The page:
“One of the penalties of an ecological education”, the naturalist Aldo Leopold once wrote, “is that one lives alone in a world of wounds.” Few knew this better than he did. Despite becoming a celebrated advocate of wilderness for its own sake during the early twentieth century, Leopold began his career by hunting down large “pests” which bothered farmers – namely wolves, bears, and mountain lions. He had helped to create the very wounds he would later work to mend, but even the landscape Leopold knew had already been battered by events which took place thousands of years before.
The wolves, moose, bears, elk, big cats, and bison of the American west are impressive beasts, but they are only the remnants of a richer assemblage of large mammals which existed in North America until around 12,000 years ago. It was at that time that Saber-toothed cats, “short-faced” bears, giant ground sloths, and mammoths (among other large mammals) disappeared, part of the most recent mass extinction in earth’s history. Just why these animals died out, however, is hotly debated. Rapid climate shifts, hunting by humans, hyperdisease, asteroid impact, and other hypotheses have all been forwarded in recent years, with hungry, hungry humans and the development of a warmer, wetter global climate being the prime suspects. Yet there is more to the story of the Pleistocene extinction that what became of the mammoth and mastodon. As a recent Nature paper by paleontologists Jessica Blois, Jenny McGuire, and Elizabeth Hadly points out, what happened to small mammals which scurried around the Pleistocene world can help us understand what caused the deep ecological wounds still visible today.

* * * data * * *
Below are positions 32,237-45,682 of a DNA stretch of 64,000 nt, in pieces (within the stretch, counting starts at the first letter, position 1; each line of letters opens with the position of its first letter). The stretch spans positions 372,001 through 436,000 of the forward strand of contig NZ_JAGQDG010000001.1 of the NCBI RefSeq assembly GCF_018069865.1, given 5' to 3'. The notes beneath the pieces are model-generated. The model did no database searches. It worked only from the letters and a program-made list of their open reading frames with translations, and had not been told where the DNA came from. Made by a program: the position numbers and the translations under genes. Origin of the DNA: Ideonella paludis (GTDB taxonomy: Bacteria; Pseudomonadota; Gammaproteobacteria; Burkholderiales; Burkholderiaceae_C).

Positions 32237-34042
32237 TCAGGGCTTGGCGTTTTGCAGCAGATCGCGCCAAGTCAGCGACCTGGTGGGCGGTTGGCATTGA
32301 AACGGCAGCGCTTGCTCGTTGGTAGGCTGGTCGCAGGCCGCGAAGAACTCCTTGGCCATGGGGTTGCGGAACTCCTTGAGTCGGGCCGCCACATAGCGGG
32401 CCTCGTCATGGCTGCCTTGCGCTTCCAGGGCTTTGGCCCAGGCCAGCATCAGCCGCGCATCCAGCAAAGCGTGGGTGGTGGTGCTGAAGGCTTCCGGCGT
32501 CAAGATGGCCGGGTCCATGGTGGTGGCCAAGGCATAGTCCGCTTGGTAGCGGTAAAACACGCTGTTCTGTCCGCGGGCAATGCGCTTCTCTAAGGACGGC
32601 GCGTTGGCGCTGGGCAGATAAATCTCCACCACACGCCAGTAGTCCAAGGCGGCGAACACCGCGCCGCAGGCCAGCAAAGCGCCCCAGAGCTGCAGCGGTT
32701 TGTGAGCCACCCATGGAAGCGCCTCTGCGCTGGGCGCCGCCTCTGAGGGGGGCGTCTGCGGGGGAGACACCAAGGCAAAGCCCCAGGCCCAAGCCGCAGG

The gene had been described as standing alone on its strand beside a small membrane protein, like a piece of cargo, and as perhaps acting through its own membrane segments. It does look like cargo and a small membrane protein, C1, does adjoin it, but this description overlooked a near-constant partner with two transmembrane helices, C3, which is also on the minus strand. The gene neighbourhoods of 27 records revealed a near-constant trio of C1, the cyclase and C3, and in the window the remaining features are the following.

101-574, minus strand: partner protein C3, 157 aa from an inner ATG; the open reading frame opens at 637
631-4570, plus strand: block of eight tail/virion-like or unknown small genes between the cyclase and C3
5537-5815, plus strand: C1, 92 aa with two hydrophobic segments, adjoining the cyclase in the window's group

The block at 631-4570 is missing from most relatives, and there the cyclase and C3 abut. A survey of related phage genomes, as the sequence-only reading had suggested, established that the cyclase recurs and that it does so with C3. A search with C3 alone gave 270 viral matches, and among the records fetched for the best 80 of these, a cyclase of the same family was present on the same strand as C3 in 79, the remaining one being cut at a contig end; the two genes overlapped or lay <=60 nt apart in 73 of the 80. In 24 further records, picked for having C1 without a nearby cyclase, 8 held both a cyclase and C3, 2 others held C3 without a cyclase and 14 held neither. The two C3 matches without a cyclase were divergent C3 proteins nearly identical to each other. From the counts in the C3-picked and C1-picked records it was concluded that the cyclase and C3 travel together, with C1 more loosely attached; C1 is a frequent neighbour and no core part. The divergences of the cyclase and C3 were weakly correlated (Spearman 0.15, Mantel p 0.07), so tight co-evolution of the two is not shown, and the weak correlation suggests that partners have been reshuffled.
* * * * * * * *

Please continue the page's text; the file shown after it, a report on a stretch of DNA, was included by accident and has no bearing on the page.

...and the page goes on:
The trouble with solving the mystery of a mass extinction is that the fossil record only provides snapshots of what transpired. It is rare that deposits which span the duration of an extinction – from pre-extinction communities to tattered remnants – are found, but paleontologists have discovered one such place in northern California called Samwell Cave Popcorn Dome. This location not only bridges the divide between the end of the Pleistocene and the beginning of our present epoch, the Holocene, but it also contains the remains of many small mammal species which have allowed paleontologists to track the abundance of species over time.
At first glance, the species of small mammals from Samwell Cave Popcorn Dome appear to have done better than the largest of the megafauna – all of the species represented in the cave are still alive today. This does not mean that they were immune from the catastrophic events of the time. During the Pleistocene the small mammal community was relatively even, with each species represented by numerous individuals (there were few “rare” species), but at the beginning of the Holocene wider disparities opened. Suddenly some small mammal species were dominant while others became scarce. In fact, some species disappeared from the site entirely, causing a drop in diversity from 12 to 8 species (signaling local absence but not total extinction). Whereas they had been present at the site during the Pleistocene, the Mazama pocket gopher and mountain beaver were gone by the Holocene, with species like ground squirrels, chipmunks, and voles making up a smaller proportion of the community than they had previously.